Jersey City BOE may need to look to bonding and budgeting to pay for facilities plan

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The Jersey City Board of Education is looking for ways to fund a long-term facilities plan that could reduce overcrowding in public schools and revitalize its buildings.

On Wednesday, the BOE reviewed the second part of a plan developed to determine solutions that could eliminate school trailers, renovate and renovate older buildings and add new gymnasiums and wings to schools to reduce overcrowding.

SSP Architects CEO Jeanne Perantoni told the BOE that its only sources of funding to help cover the cost of the plan are its annual budget and funds raised by selling authorized bonds, which could be done by public referendum. .

Perantoni said the district could also look to “short-term investments with the purchase and financing of leases,” grants and an emergency relief fund for elementary and secondary schools, relief money. against the coronavirus passed earlier this year.

“Because your renewal needs were deferred and they exceeded your investments,” said Perantoni, “that’s why I really tried to plant the seed by setting aside a set amount in your annual budget for sort of dealing with a whole slew of some of this work that’s happening.

“It should be something that you do for a long time because you have a pent-up need for investment in facilities. “

Perantoni added that the school district may seek private donations to help cover the cost of the long-term setup plan.

The Jersey City school district is one of the largest in the state with approximately 30,000 students in its 41 schools. Of its 49 school buildings, more than half are over 90 years old.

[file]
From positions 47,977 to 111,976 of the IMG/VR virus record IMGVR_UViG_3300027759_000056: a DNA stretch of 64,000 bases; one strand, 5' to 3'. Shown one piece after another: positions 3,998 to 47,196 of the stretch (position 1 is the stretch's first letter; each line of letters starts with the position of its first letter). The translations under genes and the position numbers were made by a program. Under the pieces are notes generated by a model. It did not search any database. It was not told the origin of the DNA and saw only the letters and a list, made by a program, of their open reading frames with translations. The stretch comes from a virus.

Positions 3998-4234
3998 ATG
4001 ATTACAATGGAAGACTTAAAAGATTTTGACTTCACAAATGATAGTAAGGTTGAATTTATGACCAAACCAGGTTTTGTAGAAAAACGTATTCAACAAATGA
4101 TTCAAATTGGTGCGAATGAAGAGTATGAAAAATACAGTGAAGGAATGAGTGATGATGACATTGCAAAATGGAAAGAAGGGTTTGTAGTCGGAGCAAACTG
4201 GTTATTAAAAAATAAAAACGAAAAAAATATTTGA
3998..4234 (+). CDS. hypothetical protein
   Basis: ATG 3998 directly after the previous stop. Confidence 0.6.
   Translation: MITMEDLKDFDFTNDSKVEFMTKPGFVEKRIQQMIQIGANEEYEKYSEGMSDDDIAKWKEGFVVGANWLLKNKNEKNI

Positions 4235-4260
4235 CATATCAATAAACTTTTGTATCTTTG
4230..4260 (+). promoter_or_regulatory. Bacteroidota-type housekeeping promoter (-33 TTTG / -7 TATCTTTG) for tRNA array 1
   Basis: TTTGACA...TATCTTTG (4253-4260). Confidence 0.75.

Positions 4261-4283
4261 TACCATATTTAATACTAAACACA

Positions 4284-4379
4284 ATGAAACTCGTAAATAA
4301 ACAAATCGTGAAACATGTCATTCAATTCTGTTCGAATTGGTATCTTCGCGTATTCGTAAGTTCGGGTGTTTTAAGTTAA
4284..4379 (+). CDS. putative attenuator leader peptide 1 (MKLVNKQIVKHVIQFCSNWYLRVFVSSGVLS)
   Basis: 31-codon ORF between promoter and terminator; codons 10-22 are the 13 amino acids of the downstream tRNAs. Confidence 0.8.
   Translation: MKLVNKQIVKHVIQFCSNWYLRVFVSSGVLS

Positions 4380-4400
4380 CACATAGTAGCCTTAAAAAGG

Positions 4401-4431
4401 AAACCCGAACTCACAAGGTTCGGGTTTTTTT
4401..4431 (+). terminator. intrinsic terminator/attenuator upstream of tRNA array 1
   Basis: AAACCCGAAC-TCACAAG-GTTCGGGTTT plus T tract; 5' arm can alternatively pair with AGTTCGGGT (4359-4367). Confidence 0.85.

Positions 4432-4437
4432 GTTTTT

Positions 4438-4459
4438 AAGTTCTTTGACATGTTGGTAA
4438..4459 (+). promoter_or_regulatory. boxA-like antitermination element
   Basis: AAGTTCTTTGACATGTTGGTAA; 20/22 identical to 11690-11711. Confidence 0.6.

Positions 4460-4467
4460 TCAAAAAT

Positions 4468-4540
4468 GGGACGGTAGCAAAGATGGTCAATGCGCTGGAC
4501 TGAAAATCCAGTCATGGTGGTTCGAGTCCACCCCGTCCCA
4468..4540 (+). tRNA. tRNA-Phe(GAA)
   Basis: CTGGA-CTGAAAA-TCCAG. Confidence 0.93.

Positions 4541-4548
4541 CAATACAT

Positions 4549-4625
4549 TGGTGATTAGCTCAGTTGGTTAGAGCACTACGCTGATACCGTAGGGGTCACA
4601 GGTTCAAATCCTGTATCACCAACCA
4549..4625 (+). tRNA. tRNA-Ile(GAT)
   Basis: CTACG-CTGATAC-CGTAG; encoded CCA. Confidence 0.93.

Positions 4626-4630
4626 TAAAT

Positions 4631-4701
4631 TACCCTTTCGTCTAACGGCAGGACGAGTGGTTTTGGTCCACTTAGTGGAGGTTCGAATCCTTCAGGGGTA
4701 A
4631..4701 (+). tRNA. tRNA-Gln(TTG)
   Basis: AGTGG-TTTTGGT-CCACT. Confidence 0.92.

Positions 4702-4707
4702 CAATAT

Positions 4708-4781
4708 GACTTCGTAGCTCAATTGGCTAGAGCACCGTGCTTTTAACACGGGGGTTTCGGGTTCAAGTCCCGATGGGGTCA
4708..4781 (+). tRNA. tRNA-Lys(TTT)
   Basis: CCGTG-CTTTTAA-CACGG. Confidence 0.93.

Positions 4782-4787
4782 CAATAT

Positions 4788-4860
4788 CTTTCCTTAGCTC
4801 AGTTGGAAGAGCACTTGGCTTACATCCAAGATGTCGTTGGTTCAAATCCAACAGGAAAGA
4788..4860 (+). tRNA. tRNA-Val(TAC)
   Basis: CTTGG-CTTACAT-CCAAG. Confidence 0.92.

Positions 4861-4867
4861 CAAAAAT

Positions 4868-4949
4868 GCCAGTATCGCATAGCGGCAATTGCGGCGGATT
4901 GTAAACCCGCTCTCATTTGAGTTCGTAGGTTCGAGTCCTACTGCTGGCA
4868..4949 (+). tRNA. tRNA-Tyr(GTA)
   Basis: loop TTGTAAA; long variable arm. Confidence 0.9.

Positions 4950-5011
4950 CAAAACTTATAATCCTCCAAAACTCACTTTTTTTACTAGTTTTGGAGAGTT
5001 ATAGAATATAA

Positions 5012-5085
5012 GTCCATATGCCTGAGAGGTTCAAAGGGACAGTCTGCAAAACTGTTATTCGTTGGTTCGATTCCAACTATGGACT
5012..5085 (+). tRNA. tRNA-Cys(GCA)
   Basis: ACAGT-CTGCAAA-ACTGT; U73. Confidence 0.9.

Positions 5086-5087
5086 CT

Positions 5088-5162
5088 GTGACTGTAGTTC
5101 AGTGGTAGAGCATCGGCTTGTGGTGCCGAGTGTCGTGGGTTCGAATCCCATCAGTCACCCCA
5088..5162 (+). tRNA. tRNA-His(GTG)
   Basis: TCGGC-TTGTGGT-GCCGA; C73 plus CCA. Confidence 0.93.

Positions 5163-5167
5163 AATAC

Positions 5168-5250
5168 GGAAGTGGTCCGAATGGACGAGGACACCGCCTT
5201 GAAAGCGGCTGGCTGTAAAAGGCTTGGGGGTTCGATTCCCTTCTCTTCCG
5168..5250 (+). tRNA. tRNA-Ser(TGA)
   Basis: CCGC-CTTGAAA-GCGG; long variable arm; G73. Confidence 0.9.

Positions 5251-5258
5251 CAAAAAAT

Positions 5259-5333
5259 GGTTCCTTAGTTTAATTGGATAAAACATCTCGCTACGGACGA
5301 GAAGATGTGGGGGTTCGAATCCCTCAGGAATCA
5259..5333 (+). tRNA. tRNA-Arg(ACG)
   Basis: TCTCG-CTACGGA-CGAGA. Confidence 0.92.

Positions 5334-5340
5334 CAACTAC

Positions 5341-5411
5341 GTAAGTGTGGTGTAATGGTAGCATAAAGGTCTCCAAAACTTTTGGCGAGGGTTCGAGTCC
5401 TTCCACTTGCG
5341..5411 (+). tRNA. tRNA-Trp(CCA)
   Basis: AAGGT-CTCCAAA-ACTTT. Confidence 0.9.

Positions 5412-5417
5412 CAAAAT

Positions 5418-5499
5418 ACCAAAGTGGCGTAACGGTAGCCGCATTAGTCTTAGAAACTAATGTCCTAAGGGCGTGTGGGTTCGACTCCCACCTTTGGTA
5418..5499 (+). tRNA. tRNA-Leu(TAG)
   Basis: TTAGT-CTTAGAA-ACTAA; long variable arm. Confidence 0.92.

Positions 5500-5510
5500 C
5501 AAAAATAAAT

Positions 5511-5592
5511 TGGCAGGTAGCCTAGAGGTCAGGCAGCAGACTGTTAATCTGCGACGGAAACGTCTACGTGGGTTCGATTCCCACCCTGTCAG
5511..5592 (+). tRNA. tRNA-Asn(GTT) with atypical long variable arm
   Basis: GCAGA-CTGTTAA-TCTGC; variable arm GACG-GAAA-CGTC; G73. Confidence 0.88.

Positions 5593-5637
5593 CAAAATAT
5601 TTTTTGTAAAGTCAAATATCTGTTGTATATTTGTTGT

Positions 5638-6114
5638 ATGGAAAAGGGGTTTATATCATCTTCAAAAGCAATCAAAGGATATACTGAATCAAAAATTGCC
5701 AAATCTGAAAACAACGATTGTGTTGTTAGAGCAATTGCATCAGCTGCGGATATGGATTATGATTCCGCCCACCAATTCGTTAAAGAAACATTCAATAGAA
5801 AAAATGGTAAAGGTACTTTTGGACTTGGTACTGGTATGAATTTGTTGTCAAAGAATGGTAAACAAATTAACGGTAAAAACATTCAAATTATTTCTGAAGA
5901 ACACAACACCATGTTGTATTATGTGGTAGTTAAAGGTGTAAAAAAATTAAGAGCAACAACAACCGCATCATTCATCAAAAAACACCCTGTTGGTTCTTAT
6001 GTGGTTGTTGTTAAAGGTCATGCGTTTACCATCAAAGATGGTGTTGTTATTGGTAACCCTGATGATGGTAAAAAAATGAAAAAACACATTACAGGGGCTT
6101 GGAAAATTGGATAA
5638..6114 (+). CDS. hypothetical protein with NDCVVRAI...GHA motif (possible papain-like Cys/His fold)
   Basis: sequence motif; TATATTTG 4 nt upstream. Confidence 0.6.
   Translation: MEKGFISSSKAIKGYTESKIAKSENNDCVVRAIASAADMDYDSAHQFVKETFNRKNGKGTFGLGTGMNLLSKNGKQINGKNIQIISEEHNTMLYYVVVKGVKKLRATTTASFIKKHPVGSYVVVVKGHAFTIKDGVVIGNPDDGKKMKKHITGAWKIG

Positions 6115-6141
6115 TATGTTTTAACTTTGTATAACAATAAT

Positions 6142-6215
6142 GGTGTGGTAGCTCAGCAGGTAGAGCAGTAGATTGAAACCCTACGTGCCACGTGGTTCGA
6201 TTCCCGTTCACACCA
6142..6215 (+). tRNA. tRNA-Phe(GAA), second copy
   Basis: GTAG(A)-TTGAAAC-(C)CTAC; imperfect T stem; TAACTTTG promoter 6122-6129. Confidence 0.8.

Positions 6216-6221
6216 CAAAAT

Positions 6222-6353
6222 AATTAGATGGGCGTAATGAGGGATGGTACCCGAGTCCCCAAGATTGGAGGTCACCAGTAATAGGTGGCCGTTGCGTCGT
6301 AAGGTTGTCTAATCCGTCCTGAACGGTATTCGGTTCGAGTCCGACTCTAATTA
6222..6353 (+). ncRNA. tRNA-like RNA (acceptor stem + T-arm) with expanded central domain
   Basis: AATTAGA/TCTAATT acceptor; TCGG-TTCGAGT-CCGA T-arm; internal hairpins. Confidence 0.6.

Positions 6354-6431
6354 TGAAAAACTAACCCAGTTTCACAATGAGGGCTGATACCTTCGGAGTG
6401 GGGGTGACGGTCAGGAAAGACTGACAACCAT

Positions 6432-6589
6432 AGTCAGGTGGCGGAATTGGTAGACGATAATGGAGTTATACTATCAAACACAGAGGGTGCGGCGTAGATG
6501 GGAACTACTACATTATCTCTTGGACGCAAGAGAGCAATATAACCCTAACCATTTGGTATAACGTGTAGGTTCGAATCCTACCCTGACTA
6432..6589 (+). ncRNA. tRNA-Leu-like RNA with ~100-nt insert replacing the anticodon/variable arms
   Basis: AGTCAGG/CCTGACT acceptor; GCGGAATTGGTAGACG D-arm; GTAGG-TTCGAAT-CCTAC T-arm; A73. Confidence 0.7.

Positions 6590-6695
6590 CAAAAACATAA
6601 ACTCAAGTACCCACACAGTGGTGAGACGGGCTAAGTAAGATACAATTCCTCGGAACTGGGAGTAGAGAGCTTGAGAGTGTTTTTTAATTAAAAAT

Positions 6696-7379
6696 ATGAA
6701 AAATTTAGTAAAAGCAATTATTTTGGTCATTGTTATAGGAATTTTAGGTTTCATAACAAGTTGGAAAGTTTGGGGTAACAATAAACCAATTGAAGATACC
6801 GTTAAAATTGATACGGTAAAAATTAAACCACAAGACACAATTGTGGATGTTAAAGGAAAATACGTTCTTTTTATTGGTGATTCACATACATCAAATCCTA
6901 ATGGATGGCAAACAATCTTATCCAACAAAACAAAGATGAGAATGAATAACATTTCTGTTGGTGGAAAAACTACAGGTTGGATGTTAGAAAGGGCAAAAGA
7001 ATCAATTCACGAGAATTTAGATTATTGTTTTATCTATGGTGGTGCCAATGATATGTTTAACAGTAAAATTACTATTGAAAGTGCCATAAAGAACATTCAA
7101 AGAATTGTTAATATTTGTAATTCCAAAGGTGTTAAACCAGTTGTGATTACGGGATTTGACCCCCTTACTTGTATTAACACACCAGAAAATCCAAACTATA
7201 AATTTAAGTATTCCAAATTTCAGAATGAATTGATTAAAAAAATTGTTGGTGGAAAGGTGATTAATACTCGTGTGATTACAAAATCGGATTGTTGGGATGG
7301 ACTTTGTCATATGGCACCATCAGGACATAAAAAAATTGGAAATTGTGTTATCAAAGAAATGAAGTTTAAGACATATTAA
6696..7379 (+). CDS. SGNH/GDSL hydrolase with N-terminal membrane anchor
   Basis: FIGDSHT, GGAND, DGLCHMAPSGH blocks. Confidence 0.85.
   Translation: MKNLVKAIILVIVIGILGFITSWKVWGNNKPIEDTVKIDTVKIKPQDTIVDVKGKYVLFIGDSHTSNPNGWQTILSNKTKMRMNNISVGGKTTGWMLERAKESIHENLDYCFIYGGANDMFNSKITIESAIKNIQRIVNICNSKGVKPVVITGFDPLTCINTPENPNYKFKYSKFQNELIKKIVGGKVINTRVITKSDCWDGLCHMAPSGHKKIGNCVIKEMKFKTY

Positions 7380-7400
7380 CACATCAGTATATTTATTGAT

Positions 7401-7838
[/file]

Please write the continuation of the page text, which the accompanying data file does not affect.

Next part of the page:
Paying the bill for the long-term settlement plan can prove more than difficult for district officials as the state continues to withdraw state aid. The district has already been slashed by $ 150 million in state aid as part of a seven-year, $ 250 million reduction plan.

The State Schools Development Authority (SDA) is responsible for building new schools in Abbott’s 31 old districts (now called SDA districts), but a new state-funded school has not opened since 2017. A report The 2019 State Assessment by the SDA identified the District of Jersey City as 1,200 overcapacity students.

But the city has had to rely on developers to finance new school buildings, such as the recently opened 16 Downtown School Annex.

BOE President Mussab Ali said the district cannot link on its own because it is an SDA district. He said the institution was completely bankrupt and that there was an ongoing lawsuit regarding the repayment of SDA to the tune of $ 2 billion.

“Here in Jersey City, we haven’t seen any School Development Agency dollars, I say at any time over the past three years,” Ali said. “Most school districts have the ability to bond, which I wish I could have here in Jersey City, because I think if we could bond, the first thing we should bond for would be to have central air conditioning in all our schools. “

Ali added that the district could work with the city so that he can bond on his behalf. He said another option is to work with state legislatures so that the district can have an opportunity to bond.

“Either way, this is a problem that has been happening for years and we just don’t have the financial means to be able to fund these kinds of projects,” Ali said.


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